The results of a first experimentation seem to indicate a general satisfaction expressed by the learners, while the quantification of its effectiveness (e.g. through a quantification of the skills developed or the modification of the output) is still an open question and it is postponed to future investigations.
Tomico and Hengevelt focus on the design of intelligent products, systems and services that support learning strategies such as reflection, imitation, abstraction, sharing, exploring and decision making in various fields. They present project developed by bachelor, master and Ph.D. students at the Industrial Design department from the Eindhoven University of Technology. The projects, submitted to the evaluation of an expert panel session, demonstrated to be promising in stimulating the emergence of new learning strategies enabled by the use of novel technologies.

All contributions mentioned so far suggest, although not always explicitly, the need to rethink the evaluation which is carried out at several levels: student performance, course performances, output (product/service/etc.) qualities, etc. The need to go beyond traditional approaches is pretty obvious.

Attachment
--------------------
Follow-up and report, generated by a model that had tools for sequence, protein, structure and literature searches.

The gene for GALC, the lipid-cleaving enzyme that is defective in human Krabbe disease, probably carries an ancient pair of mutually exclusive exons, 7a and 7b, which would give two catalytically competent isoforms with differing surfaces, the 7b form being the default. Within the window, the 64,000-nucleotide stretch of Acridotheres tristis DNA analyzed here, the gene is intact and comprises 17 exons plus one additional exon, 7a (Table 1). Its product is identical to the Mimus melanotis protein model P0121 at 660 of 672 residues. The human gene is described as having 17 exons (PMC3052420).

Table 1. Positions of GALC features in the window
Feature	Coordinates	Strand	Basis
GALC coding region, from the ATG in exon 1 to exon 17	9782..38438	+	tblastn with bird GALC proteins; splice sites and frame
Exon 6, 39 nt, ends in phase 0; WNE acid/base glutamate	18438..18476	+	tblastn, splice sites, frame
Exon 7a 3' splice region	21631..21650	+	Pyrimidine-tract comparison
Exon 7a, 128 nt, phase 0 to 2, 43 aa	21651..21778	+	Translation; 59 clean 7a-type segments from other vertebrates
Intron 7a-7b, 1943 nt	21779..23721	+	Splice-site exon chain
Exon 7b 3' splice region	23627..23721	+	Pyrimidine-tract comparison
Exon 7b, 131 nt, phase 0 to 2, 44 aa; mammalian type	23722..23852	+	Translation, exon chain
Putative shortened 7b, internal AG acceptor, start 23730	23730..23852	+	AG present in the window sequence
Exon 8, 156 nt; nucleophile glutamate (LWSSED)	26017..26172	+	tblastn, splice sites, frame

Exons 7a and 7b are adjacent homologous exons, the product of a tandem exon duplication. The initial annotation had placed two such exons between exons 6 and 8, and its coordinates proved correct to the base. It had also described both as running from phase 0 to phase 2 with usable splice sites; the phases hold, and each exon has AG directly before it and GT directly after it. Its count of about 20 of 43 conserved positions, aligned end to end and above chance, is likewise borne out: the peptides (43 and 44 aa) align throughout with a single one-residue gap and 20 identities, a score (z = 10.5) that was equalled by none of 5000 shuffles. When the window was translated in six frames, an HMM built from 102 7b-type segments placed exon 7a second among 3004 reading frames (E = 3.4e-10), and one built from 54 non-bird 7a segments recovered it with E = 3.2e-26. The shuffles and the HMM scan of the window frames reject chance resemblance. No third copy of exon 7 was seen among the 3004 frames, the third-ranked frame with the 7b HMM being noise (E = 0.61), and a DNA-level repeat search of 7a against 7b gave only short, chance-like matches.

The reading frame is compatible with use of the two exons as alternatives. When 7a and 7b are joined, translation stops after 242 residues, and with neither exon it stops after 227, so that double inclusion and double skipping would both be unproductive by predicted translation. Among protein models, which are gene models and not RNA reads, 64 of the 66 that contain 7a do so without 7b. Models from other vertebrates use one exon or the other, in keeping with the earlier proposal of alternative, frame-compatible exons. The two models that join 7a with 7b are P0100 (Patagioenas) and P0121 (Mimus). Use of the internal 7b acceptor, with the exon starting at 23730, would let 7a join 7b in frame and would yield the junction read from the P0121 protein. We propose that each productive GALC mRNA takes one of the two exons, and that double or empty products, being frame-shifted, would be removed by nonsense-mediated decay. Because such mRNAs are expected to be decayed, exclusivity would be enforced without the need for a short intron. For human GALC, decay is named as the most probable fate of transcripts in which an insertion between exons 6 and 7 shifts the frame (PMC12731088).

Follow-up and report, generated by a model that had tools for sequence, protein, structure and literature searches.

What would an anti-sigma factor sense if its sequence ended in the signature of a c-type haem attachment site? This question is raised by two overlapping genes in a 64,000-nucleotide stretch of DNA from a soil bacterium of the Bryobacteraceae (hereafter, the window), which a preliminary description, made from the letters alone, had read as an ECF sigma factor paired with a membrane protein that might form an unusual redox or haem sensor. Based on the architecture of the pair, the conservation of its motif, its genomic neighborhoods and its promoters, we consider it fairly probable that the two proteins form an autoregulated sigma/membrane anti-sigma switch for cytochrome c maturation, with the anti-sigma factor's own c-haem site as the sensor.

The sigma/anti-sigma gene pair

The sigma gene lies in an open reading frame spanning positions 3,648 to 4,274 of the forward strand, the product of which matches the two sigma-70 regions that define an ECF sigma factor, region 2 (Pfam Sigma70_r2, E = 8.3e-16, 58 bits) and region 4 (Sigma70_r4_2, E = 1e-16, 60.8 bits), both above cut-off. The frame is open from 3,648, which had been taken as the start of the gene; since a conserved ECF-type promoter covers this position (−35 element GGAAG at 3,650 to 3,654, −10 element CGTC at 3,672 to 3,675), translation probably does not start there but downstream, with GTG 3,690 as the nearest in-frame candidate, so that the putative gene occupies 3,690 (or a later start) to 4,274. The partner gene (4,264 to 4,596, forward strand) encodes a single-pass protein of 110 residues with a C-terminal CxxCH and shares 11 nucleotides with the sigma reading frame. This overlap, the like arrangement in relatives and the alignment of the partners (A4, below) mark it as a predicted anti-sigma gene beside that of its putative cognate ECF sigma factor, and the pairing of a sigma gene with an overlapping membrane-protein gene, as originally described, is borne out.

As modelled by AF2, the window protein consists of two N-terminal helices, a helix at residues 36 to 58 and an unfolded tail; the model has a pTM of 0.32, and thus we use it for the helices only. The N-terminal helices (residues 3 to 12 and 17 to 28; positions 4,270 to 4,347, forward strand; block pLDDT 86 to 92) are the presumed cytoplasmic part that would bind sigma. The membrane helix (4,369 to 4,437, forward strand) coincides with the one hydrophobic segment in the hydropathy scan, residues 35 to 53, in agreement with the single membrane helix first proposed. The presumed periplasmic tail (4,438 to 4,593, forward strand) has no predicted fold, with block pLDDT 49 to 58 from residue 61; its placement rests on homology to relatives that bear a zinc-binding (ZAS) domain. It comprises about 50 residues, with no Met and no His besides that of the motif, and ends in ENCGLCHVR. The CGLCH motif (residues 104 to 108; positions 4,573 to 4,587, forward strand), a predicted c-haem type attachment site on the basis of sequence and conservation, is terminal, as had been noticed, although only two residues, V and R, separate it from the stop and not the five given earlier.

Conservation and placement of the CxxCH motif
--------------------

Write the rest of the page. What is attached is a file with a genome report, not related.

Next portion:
Along this exploration line, Giovannella and Camusi, in the last paper of this collection, suggest to adopt collaborative approaches also in the evaluation tasks. They report on the lessons learnt during an experience of participatory grading developed in the field with courses on 'Multimodal Interfaces and Systems' design.

We believe that this book can offer a wide and variegated perspective of issues, challenges and research opportunities offered by the view of HCI@Large. We do hope that the topics explored in this book may represent a further step toward a wider and deeper exploration on the interplay between technological development and multidisciplinary research and their impact on learning and education in the HCI field.


Carlo Giovannella and Patrizia Marti